Employment Lands Study (1)

27 January 2016 (updated 28 Jan; corrections made Jan 29.)

At the adoption of the comprehensive review of the Official Plan (OPA 150) in November 2013, Council requested a review of Ottawa’s strategy on the amount and location of employment lands, to be completed in partnership with the development industry. Council also asked for a study of economic development opportunities and servicing possibilities at 400-series Highway interchanges, and referred several specific sites to the new study.

The City hired Hemson Consulting, Urban Strategies Inc. and Stantec as consultants. Until her retirement, Judy Flavin was the staff planner; the file is now with Royce Fu. There is a Sponsors Group of Councillors (Councillors Harder, Tierney, Egli, Moffatt and Blais).  Completion of this study is one of the demands made by Walton and Taggart in their motion, heard by the OMB last August, to put OPA 150 on hold (a Decision has yet to be issued).

The Greenspace Alliance is monitoring this work out of concern that a need for more employment lands could be a rationale for expanding the urban boundary.

A Stakeholder Workshop was held on April 30, 2015. The deck used for that workshop is here (5.2 MB).

The deck offers some statistical evidence about the distribution of jobs and jobs-per-household within city boundaries.  Jobs per household range from 1.9 inside the Greenbelt, to 1.3 in Kanata and 0.3 to 0.5 most everywhere else.  Overall employment is not to be equated with jobs in Employment or Enterprise Areas. The deck does not offer an analysis of Employment/Enterprise Areas per se but cites as a preliminary finding that “New industrial parks outside the Greenbelt likely will be needed over the long term, and locations close to highways likely will be the most attractive” (slide 50).

In almost the same breath (slide 53), a preliminary conclusion from a supply-and-demand analysis is that there is “a sufficient supply of land to accommodate employment growth beyond 2041.” The existence of that surplus opens the door to consideration of possible conversion of some employment lands to other uses.

There is some statistical information about forecast employment growth to 2031 (125,000 jobs) and land supply in business parks.  Other data and forecasts display employment by geographic area and based on land type (2001-2031).  In the end (slide 72), the preliminary result is that, to 2041, the total planning need for employment land (broad scope) is 800 to 910 ha (depending on one’s density assumption), compared to a current supply of 1,050 ha.  This is consistent with the City’s earlier employment land studies.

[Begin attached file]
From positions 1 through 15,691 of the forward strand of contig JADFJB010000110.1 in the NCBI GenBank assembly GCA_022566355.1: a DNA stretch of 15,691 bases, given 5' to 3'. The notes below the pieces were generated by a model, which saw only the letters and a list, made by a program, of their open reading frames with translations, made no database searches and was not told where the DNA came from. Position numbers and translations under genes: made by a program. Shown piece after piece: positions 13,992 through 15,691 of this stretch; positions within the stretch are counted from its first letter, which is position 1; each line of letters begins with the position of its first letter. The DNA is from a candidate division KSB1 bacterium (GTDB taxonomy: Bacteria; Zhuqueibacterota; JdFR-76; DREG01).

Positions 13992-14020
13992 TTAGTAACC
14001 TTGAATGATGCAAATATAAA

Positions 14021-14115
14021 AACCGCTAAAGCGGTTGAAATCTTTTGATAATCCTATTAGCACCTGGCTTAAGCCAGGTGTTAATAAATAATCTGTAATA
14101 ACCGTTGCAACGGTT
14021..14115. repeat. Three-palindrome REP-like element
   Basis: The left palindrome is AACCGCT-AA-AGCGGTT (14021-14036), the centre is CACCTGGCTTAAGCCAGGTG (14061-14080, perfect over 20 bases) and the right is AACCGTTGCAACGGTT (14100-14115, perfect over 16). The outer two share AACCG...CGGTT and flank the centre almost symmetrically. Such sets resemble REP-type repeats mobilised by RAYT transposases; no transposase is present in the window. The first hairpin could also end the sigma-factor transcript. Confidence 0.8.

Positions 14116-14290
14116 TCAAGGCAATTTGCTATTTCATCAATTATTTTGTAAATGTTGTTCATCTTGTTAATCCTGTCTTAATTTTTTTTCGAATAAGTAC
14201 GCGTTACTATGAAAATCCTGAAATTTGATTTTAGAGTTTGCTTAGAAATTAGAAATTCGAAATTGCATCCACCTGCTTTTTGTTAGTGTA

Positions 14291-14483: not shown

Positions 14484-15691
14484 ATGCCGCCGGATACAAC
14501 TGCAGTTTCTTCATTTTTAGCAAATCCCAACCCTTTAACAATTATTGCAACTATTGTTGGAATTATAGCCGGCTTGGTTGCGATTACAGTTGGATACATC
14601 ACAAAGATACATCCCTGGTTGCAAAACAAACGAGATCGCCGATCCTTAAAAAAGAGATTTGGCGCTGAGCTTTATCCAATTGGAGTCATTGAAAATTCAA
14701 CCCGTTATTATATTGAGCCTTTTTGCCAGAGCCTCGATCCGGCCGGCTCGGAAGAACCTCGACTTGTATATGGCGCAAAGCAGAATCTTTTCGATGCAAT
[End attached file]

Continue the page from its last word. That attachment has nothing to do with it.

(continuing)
A second Stakeholder Meeting was held on January 20, 2016.  The deck used then is here (2.8 MB).

Considering the City’s investment in transportation infrastructure, the study is now recommending that the 1.3 jobs/household objective in each urban community in the Official Plan should be abandoned in favour of a “one city” approach. Looking at specific locations of new Employment Areas it finds some (Kanata West, 416 Business Park) better positioned than others (Riverside South, Airport, South Orleans).  It confirms the supply-and-demand analysis, now specifically finding a surplus of 421 ha in Employment and Enterprise Areas by 2031 and 91 ha by 2041.

Granual changes are proposed for eight specific urban Enterprise or Employment Areas (slides 18-34): Kanata West, Kanata North, Kanata South, Bells Corners, Riverside South, Albion-Leitrim, South Orleans, and Ottawa River (Cumberland).

The second part of the meeting (slides 37-46) was devoted to employment in rural areas, including the potential for employment land designations at highway interchanges. Five areas rise to the top: Highway 417/Carp Road, Highway 416/Fallowfield Road, Highway 416/Barnside Road, Highway 417/Boundary Road, and Highway 417/Rockdale Road.

A draft report is expected in March. An Official Plan Amendment is likely in the fall.


Forward to Employment Lands study (2)